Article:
REVIEW: Potata: Fairy Flower (Switch)

REVIEW: Potata: Fairy Flower (Switch)

Whaaat, I totally didn’t pick the pretty flower *sweats*

Released: Switch / Steam
Type: Single Player
Genre: Puzzle Platformer
Developer: Potata Company
Publisher: Potata Company
Release date: June 6, 2020

In Potata: Fairy Flower, you jump into the shoes of a young witch named Potata. One day, after having a dream about adventuring out into the world, she wakes up to her totem fox feeling sick. After asking her mom on how to help her totem fox, and getting a chore to collect some dewberries for a pie, she must find some special leaves. Of course, not everything goes as planned. After going into a random portal, Potata follows a firefly to a beautiful yellow flower. She picks the flower in her awe without realizing that a fairy resided in it and makes the fairy and the forest angry. To make things right, Potata must collect all the petals that strangely flew off after it was picked. At least Potata will finally get that adventure she’s been dreaming and waiting for.

To get the petals, dewberries, and leaves, you’ll need to travel to various places by getting a portal there. Gameplay is pretty straightforward as you’ll mainly be platforming your way through each area. To encourage you to jump to other platforms you wouldn’t have, blue gems are scattered around. These gems are the game’s currency, which can be used to help you out if you can afford it. Though, various hazards are littered throughout so it’s not so easy. There are various spiked balls that’ll block your way or require you to jump over as well as enemies. After the prologue, you do get a sword to help fend off any enemies, though you pretty much have to be right up on them to get a hit in. There are two different types of enemies, apart from how different they look and behave of course. There are enemies that are gone for good once you defeat them and enemies that are temporarily stunned for a second or two. Though, there are hazards that will only take one hit to end you like the red hot variant of the spiked balls and water.

Some boss fights are sprinkled in and these were honestly my favorite parts. The bosses requires you to put your dodging skills to the test, go against a threat that you were facing the whole level, and make decisions on the fly. Of course, there are phases that you can prepare for if you die a lot, but it’s random enough to maybe make you frantic.

Checkpoints are also numerous throughout each area, usually put in after a particularly hard section or after a puzzle. Once you pass it, it’ll activate to save your place and heal your health. However, if you want to activate it again, like if you don’t want to recollect everything after dying for the tenth time, it’ll cost you some blue gems.

The puzzles here are pretty basic. Most puzzles you’ll come across will basically require you to explore the whole area you’re in to find an item you need. Then, pick out and use the item that you need to progress after, for example, encountering a carnivorous plant. Or maybe you need to push a boulder to unlock an area (whether it’s used as a kind of key or just need to jump on it to reach a high platform) or figure out a way to push it somewhere else. One of the more memorable puzzle is one where you find multiple levers of different colors and then put each lever in a certain position to continue. While half the time there is something indicating what position each need to be in, there were some that I couldn’t find the clue and just had to keep messing with all the levers.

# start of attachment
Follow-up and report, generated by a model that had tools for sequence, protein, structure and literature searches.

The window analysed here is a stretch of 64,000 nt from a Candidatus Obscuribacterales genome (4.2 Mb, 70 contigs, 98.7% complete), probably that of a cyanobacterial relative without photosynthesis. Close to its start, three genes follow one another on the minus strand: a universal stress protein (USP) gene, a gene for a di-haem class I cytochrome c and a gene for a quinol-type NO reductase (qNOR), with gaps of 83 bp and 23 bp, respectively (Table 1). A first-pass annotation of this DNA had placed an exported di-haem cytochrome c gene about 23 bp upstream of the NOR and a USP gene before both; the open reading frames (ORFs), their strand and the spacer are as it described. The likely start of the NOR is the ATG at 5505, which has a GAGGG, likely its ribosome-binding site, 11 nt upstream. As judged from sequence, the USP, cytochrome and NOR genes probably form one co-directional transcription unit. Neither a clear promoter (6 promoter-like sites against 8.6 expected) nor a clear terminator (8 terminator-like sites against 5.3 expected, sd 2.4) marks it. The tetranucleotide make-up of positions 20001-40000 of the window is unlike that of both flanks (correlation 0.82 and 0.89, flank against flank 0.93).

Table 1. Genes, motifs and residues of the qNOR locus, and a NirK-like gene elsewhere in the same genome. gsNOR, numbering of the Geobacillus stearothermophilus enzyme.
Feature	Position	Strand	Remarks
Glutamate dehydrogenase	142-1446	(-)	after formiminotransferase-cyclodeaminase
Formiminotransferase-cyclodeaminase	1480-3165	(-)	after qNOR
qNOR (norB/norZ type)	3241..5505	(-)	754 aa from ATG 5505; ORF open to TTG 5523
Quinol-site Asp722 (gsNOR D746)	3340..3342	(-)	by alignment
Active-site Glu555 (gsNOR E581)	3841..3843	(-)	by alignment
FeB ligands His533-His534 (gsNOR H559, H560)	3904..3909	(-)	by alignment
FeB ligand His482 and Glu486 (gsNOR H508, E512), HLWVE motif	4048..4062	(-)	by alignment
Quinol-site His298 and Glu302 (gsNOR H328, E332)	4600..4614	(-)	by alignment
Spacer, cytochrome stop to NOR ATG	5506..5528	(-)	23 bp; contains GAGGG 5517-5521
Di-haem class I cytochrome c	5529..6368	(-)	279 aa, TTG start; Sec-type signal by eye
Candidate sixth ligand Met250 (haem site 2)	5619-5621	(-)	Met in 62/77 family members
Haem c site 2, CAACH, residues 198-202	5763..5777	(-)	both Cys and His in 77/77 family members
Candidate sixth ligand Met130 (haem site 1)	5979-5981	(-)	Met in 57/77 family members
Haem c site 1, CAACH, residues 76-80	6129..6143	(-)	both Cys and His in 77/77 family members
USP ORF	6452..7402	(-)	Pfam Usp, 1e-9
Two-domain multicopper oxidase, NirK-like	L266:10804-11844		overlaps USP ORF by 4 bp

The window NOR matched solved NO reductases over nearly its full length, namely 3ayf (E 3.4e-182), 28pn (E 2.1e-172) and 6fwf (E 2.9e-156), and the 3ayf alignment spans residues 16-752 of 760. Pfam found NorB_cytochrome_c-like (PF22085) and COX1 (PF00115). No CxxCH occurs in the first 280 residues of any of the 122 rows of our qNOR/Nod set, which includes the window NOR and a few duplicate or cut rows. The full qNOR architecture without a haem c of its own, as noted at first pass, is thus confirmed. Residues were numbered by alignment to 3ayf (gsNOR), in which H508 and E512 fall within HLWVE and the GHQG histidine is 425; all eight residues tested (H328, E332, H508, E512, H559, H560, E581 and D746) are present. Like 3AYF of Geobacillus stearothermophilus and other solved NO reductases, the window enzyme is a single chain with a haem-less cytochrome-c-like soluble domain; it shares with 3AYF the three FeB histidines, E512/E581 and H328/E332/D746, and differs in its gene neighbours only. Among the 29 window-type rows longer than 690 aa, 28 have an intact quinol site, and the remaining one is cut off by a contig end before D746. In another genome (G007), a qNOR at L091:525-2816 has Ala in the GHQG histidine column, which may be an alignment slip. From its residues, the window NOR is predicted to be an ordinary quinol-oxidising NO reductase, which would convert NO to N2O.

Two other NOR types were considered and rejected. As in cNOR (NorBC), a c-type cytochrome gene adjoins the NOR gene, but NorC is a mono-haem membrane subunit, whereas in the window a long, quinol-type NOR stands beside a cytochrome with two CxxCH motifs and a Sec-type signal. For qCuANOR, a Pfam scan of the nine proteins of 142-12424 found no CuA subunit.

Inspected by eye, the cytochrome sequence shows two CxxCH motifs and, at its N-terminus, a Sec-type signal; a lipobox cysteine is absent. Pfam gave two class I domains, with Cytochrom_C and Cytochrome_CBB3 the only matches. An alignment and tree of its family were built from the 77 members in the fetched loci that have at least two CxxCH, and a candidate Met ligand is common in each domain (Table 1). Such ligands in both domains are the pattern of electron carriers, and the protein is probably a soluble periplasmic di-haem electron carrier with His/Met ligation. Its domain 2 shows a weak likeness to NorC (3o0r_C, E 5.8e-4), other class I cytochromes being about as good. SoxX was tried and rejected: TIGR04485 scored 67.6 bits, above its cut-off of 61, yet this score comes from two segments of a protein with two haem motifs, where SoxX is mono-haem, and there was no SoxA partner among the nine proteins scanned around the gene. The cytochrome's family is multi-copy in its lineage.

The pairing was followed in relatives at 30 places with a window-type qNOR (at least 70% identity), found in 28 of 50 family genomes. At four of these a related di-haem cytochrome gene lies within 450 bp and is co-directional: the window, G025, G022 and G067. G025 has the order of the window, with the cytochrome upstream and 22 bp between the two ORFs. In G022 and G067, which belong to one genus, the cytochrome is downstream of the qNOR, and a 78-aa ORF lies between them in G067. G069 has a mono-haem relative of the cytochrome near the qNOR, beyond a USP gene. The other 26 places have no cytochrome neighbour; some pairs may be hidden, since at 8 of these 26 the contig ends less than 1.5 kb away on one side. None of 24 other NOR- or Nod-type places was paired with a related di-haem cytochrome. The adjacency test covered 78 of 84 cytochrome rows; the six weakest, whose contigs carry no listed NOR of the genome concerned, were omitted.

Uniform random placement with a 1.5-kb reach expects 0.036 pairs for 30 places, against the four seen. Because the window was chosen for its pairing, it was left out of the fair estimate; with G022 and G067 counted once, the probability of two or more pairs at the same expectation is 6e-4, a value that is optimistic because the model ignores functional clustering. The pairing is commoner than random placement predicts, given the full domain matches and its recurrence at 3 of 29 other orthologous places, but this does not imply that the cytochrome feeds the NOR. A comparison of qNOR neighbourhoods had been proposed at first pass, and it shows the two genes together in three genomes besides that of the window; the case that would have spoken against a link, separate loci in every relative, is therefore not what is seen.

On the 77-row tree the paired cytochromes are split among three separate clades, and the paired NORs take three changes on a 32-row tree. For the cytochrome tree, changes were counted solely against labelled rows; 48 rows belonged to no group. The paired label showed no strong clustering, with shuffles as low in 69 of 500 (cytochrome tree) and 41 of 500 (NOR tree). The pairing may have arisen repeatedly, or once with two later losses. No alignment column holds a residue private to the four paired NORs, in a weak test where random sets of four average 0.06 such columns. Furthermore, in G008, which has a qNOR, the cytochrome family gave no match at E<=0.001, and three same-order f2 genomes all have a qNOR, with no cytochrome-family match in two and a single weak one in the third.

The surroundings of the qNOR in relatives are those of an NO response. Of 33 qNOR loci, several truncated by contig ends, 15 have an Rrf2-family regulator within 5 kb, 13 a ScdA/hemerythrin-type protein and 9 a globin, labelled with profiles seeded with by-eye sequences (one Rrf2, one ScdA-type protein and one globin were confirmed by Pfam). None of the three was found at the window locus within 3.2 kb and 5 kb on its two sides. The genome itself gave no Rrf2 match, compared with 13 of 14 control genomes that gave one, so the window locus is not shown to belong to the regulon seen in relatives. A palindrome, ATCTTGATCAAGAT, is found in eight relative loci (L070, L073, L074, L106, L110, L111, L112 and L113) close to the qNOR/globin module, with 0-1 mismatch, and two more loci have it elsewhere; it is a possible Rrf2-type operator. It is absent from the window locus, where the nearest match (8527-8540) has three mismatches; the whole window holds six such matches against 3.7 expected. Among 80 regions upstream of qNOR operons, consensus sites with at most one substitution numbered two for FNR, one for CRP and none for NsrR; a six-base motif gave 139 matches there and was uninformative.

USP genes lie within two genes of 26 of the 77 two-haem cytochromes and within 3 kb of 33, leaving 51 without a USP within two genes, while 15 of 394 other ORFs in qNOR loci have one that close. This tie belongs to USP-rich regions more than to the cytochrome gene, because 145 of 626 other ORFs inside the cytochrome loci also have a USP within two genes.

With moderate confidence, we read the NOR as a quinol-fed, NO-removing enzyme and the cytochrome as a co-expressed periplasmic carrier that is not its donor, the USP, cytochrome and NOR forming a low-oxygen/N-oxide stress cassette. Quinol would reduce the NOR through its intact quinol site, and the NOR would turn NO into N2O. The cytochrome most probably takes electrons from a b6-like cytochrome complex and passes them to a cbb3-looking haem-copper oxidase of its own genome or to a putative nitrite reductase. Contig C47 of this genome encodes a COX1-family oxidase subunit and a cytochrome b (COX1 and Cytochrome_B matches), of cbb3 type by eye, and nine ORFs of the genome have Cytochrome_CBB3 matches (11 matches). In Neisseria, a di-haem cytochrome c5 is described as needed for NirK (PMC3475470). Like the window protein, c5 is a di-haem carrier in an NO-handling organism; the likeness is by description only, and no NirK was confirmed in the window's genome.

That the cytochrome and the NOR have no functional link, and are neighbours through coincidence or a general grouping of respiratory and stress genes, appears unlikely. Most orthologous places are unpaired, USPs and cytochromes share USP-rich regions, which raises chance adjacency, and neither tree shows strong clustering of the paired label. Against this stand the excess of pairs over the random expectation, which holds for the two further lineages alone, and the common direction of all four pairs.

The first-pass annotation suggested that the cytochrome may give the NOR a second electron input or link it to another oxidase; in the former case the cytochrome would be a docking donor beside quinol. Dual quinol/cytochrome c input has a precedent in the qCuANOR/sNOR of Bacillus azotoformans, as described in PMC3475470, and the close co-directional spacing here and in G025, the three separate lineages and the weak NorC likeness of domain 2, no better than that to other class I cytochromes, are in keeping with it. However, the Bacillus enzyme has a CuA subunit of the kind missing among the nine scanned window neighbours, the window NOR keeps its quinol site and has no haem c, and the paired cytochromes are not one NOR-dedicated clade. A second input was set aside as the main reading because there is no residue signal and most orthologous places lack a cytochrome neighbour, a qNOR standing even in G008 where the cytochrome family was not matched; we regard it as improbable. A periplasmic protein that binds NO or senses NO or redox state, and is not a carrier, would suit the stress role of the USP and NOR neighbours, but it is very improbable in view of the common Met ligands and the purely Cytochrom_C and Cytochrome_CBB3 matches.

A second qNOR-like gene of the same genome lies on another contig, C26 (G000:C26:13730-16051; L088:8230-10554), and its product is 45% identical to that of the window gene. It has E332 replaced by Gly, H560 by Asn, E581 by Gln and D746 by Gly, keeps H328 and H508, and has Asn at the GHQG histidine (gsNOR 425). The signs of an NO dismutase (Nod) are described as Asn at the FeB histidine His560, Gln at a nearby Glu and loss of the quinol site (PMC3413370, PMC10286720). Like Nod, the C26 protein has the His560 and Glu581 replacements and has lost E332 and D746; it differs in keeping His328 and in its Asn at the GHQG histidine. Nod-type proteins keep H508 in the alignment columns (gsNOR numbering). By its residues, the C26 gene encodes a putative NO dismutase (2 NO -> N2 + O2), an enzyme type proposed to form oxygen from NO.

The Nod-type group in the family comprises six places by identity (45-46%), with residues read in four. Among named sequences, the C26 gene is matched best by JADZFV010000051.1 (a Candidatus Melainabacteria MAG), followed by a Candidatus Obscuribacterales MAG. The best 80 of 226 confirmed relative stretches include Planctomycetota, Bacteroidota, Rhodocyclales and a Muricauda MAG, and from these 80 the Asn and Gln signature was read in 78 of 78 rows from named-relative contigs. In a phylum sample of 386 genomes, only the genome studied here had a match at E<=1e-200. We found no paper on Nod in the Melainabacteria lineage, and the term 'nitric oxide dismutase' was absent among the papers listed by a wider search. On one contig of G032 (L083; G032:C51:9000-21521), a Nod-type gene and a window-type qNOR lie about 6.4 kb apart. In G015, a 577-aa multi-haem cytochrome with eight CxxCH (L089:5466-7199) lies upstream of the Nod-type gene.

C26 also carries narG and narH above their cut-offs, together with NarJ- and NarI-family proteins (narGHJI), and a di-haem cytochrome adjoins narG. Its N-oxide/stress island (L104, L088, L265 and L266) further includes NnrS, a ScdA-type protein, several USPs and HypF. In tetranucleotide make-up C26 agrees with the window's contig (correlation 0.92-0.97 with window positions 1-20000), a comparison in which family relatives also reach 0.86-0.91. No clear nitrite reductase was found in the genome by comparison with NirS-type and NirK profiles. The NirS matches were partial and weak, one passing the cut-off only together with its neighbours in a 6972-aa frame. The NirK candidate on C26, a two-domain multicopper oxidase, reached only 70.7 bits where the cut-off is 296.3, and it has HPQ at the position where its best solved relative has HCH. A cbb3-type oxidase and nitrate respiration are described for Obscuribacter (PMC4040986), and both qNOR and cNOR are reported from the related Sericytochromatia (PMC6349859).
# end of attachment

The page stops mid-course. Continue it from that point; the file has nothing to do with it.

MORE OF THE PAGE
Other than the puzzles that require you to find an item while exploring, there are two puzzle types that do not fit. The first is a puzzle where you need to fit a handful of pre-determined Tetris pieces into a specified shape, like a butterfly. These are fairly easy to figure out, with the last one you’ll come across being the real challenge that’ll probably get you to use that reset button. The other is my dreaded puzzle enemy. That being the one light puzzle where each press turns off or on other lights around it. In the case for Potata: Fairy Flower, you work with an rectangular area where you need to light up specific squares indicated by dots, while also making sure no red lights are present. Thankfully, you do get the option to pay some blue gems to get a hint on which squares you need to press to move forward. I do recommend trying to solve it yourself before paying for the hint (personally, it was when I was starting to get annoyed).

Once you get to, I’d say, almost halfway through the game, a challenge area will unlock in town. This has six challenge areas that you can be taken to by a portal. However, these portals are unlocked based on how far you’re in the game. These challenges, well, challenges you to complete a short, but tricky, level without dying. These levels are optional and you’ll only be granted a crystal for each challenge completed.

In terms of performance, I played the whole game in handheld mode and there wasn’t any issues. There were some spots where I did notice some slight drops when jumping, but it’s not bad enough to where it’ll hinder your gameplay. The English translation is also weird in places.


Overall, Potata: Fairy Flower is just an alright game. The negatives towards the game (weird translation, no explanation for how to solve most puzzles, it’s sometimes tough to hit enemies, climbing ladders is pretty slow) are overall minor and the game is enjoyable enough where I can see fans of puzzle platformers enjoying it as well. Considering the game’s price, if you just want to take a break with a game that’ll take a couple afternoons to complete and are looking for a puzzle platformer in particular, Potata: Fairy Flower is a good choice to keep you company.

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